What I’m feeling is more than hope –
I’m feeling a presence of Truth so
formidable there’s not a question,
or room for doubt. Truth majestic,
omnipresent, omnipotent, joy-filled – 
unassailable, unstoppable, unflappable.
Truth that gives no acknowledgement
or recognition to lies, and fears no false-
hood; Love so pure that hate quakes
and disappears as It arrives – like
the sun rising over the hill and effortlessly
displacing the darkness with its light;
Unrelenting Good that won’t be obstructed
and won’t be denied and always wins.
– Karen Molenaar Terrell

A glorious day is dawning,
And o’er the waking earth
The heralds of the morning
Are springing into birth.
In dark and hidden places
There shines the blessèd light;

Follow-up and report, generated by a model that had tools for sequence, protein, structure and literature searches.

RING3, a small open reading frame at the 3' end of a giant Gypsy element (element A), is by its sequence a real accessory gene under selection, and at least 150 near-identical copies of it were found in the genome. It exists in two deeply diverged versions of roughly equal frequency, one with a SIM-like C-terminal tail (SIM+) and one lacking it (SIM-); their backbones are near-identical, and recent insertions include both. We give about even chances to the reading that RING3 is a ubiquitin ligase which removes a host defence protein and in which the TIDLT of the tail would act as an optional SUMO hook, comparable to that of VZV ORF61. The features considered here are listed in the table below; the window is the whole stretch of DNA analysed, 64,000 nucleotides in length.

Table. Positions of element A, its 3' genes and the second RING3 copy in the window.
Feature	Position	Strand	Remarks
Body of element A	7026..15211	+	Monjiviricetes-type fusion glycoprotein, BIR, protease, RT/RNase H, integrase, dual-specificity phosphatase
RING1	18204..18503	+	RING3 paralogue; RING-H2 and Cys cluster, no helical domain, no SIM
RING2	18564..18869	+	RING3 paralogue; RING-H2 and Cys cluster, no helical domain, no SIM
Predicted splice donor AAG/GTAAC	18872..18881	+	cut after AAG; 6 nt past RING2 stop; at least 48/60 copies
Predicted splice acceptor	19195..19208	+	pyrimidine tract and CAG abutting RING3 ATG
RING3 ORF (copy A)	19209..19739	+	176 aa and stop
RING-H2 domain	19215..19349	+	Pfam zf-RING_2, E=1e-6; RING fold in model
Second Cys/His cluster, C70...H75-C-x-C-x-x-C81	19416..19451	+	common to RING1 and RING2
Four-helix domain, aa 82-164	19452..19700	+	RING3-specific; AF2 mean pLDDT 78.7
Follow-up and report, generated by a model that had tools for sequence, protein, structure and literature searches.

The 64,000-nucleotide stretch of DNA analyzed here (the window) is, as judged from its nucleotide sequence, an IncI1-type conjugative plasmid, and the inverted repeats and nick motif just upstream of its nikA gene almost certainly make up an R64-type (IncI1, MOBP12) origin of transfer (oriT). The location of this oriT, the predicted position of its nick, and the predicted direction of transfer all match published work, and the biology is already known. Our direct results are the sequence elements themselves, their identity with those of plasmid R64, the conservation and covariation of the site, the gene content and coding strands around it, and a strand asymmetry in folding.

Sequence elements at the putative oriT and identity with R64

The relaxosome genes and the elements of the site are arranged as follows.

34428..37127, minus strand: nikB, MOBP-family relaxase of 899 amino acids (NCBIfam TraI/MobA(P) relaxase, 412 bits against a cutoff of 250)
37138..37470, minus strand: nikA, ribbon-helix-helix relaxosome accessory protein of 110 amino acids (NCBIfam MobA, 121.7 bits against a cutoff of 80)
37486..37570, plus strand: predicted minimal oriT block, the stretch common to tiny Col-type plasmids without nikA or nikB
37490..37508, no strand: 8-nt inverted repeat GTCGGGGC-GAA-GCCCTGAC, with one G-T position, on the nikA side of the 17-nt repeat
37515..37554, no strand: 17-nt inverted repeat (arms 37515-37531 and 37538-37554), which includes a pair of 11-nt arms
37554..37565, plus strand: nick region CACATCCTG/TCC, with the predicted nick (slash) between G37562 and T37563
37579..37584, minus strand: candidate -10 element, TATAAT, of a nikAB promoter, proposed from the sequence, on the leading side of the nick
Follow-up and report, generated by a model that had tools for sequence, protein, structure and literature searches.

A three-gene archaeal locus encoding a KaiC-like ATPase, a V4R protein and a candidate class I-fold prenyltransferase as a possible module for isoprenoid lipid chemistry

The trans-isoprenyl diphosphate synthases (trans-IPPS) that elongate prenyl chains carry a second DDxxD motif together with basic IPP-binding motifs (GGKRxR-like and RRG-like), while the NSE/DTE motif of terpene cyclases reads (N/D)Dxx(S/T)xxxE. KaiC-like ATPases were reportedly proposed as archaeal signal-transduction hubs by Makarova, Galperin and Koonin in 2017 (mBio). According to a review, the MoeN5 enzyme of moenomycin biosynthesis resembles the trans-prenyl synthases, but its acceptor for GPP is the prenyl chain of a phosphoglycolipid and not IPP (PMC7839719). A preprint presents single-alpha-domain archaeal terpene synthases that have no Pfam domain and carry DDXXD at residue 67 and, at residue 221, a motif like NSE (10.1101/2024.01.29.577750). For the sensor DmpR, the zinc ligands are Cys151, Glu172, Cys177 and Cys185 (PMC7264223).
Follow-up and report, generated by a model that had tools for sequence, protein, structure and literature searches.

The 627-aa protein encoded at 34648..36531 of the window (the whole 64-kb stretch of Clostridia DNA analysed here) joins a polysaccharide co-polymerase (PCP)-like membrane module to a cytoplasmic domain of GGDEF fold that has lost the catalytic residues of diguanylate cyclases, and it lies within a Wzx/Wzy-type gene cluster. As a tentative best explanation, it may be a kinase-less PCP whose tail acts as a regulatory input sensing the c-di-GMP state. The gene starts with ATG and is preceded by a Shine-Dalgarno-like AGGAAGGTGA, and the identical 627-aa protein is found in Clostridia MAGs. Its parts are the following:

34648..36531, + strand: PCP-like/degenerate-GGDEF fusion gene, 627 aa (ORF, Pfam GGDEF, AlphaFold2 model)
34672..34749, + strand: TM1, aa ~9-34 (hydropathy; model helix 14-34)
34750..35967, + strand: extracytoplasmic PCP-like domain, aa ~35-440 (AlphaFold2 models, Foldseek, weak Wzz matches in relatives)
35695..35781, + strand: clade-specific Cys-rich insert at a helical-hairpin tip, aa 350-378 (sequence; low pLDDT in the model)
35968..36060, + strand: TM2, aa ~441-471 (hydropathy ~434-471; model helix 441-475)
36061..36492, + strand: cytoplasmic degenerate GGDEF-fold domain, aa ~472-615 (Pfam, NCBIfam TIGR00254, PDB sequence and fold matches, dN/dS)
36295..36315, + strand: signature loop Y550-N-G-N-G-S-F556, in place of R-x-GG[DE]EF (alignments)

The beam of truth displaces
The darkness of the night.

The advocates of error
Foresee the glorious morn,
And hear in shrinking terror,
The watchword of reform:
It rings from hill and valley,
It breaks oppression’s chain.
A thousand freemen rally,
And swell the mighty strain.

The watchword has been spoken,
The light has broken forth,
Far shines the blessèd token
Upon the startled earth,
To hearts and homes benighted,
The blessèd Truth is given,
And peace and love, united,
Point upward unto Heav’n.
– N.T. Munroe

 

Bow Sunrise

Sunrise on the way to work. October 2, 2017. Photo by Karen Molenaar Terrell.